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Salamanders and fish can regenerate lost structures - why can't we?


The recent introduction of in vivo lineage-tracing techniques using fluorescently labeled cells challenged the long-standing view that complete dedifferentiation is a major force driving vertebrate tissue regeneration. The report in BMC Developmental Biology by Juan Carlos Izpisúa Belmonte and colleagues adds a new twist to a rapidly evolving view of the origin of blastemal cells. As classic and recent experimental findings are considered together, a new perspective on vertebrate muscle regeneration is emerging.

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Loss or serious damage to tissues cannot be repaired - at least not in humans. A severed limb does not grow back, an infarcted heart muscle does not heal by itself. Many animal species do, however, have surprising regenerative abilities. Studies of these natural regenerating systems promise to provide a conceptual understanding of the biology of tissue regeneration, and even partial achievements could revolutionize approaches to regeneration in the clinic.

How is the vast range of cells and tissues rebuilt during vertebrate regeneration?

Like other organs, vertebrate appendages are composed of complex tissues that originate from multiple germ layers. The limb, for example, consists of epidermis and a peripheral nervous system, both derived from ectoderm, and other internal tissues such as muscle, bone, dermis, and blood vessels, which have a mesodermal origin. In a regeneration-competent vertebrate, damage or complete loss of an appendage initiates a regenerative response that typically involves the early formation of a growth zone of undifferentiated cells, the blastema, at the distal end of the stump. The origin of the newly formed blastemal cells and their fate during the regeneration process have been on-going topics of debate over the past century. Early studies using the regenerating salamander limb and tail indicated that injured multinucleated myofibers can dedifferentiate, give rise to mononucleate progeny, and contribute to the regenerating blastema. Tracing individually labeled myotubes after transplantation documented their capacity to redifferentiate into different lineages within the regenerate, indicating the multipotent nature of derived progenitors cells [1]. Recent advances in generating green fluorescent protein (GFP)-expressing transgenic frogs, salamanders, and fish, combined with molecular marker analyses, have enabled in vivo tracking of cells with high precision. Revisiting the open questions concerning the overall contribution and transdifferentiation of lineages, Kragl et al. [2] demonstrated that the salamander limb blastema primarily contains lineage-restricted progenitors that remain within their original lineage as they rebuild the lost tissue.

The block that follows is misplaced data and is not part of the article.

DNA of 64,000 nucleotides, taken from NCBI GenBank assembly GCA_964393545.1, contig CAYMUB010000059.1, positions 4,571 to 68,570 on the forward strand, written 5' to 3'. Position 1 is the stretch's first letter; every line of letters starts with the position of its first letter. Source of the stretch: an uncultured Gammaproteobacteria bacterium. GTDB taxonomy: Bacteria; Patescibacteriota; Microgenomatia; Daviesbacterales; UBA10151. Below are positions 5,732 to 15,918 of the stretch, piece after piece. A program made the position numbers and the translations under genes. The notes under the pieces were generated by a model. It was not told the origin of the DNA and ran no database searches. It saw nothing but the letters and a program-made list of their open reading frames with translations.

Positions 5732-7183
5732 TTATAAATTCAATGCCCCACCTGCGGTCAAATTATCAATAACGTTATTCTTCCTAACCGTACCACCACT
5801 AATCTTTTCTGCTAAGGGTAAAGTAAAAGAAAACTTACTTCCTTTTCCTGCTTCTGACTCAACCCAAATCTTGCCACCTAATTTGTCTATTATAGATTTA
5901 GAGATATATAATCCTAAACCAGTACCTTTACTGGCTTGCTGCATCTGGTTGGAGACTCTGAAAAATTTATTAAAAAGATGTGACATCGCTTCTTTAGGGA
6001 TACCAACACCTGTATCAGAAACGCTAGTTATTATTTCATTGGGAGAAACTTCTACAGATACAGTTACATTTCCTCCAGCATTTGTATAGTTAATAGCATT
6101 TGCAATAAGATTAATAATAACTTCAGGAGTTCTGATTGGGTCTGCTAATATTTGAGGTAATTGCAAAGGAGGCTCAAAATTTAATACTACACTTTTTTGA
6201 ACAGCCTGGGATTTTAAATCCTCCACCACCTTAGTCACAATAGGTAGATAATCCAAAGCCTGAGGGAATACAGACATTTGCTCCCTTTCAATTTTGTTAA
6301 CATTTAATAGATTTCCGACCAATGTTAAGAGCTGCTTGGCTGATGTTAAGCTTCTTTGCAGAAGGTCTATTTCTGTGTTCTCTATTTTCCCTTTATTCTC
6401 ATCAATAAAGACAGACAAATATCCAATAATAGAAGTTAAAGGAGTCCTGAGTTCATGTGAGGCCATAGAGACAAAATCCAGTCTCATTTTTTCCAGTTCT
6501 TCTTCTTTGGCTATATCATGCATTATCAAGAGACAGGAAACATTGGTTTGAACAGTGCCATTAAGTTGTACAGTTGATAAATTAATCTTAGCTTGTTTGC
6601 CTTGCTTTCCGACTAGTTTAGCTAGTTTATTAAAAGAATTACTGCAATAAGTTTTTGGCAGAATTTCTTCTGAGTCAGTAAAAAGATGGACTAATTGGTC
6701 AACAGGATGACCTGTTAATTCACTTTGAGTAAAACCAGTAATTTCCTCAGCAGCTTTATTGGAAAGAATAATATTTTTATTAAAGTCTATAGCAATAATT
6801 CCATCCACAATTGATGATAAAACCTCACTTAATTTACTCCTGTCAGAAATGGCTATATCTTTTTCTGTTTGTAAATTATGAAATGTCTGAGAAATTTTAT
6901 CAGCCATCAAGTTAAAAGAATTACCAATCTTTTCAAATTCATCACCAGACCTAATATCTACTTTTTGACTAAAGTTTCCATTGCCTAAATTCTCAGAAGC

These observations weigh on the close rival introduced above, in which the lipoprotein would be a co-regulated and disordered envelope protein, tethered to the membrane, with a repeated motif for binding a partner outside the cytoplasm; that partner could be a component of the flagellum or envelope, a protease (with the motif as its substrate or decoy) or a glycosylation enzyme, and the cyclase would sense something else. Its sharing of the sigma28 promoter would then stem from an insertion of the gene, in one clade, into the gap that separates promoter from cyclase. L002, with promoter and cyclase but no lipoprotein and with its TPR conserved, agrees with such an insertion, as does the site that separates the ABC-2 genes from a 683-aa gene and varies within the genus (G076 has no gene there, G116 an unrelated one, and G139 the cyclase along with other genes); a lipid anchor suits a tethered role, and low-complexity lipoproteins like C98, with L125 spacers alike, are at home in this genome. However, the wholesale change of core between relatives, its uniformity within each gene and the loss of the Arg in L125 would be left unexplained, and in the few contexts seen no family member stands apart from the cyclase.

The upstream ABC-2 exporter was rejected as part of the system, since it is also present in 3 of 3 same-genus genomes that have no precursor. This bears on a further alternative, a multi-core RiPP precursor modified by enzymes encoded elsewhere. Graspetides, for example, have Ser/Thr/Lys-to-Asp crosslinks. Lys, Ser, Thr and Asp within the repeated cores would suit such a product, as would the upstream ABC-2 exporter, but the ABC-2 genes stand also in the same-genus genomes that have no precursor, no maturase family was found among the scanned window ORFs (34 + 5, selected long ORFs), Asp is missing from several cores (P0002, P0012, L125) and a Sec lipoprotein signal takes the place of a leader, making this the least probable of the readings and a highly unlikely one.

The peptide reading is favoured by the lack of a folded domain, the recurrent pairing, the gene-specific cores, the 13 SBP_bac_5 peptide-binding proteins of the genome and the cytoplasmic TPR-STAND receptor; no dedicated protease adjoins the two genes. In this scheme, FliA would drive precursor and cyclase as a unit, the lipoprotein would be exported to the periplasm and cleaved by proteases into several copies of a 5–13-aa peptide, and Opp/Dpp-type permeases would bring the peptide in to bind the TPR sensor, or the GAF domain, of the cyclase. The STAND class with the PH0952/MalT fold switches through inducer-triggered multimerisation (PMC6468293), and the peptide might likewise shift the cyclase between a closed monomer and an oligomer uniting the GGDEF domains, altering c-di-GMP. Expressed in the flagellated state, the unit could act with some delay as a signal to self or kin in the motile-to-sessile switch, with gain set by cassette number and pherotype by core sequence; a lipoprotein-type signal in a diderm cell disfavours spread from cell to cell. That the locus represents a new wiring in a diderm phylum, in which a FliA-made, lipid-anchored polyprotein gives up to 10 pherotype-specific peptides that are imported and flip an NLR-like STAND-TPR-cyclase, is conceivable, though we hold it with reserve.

The first demonstration in a vertebrate that different tissues, such as muscle and nerve, are regenerated from distinct progenitor pools came from work on Xenopus tadpole tail regeneration [3]. These studies indicated that the activation of muscle-specific stem cells (that is, Pax7+ satellite cells localized adjacent to mature fibers, rather than dedifferentiation, drive muscle regeneration in premetamorphic frogs. In addition, the new study by Rodrigues and colleagues [4] with amputated zebrafish larvae tails produced no evidence of dedifferentiation of the myofibers. Ultrastructural and gene expression data, however, revealed signs of incomplete dedifferentiation in regenerating tadpole tail muscle fibers. This unexpected phenotype might indicate that partial cellular dedifferentiation is sufficient to condition the muscle into a regeneration program, which might not just comprise the myofiber but also could include the activation of satellite cells. A lineage restriction for bone has also been documented in regenerating zebrafish fins, although a cycle of osteoblast dedifferentiation and redifferentiation was demonstrated during blastema formation [5]. In mammals, appendage regeneration is limited to the digit tip, permitting the study of cartilage, bone, epidermal, and nervous tissues but not of muscle tissue as this lineage is not present in this distally amputated tissue. Using the adult limb [6] or neonatal limb model [7], in combination with tissue-specific and inducible mouse cre-reporter lines, these two conceptually similar lineage analyses reached the same conclusion: during mammalian digit-tip regeneration, tissue-resident stem or progenitor cells are fate restricted.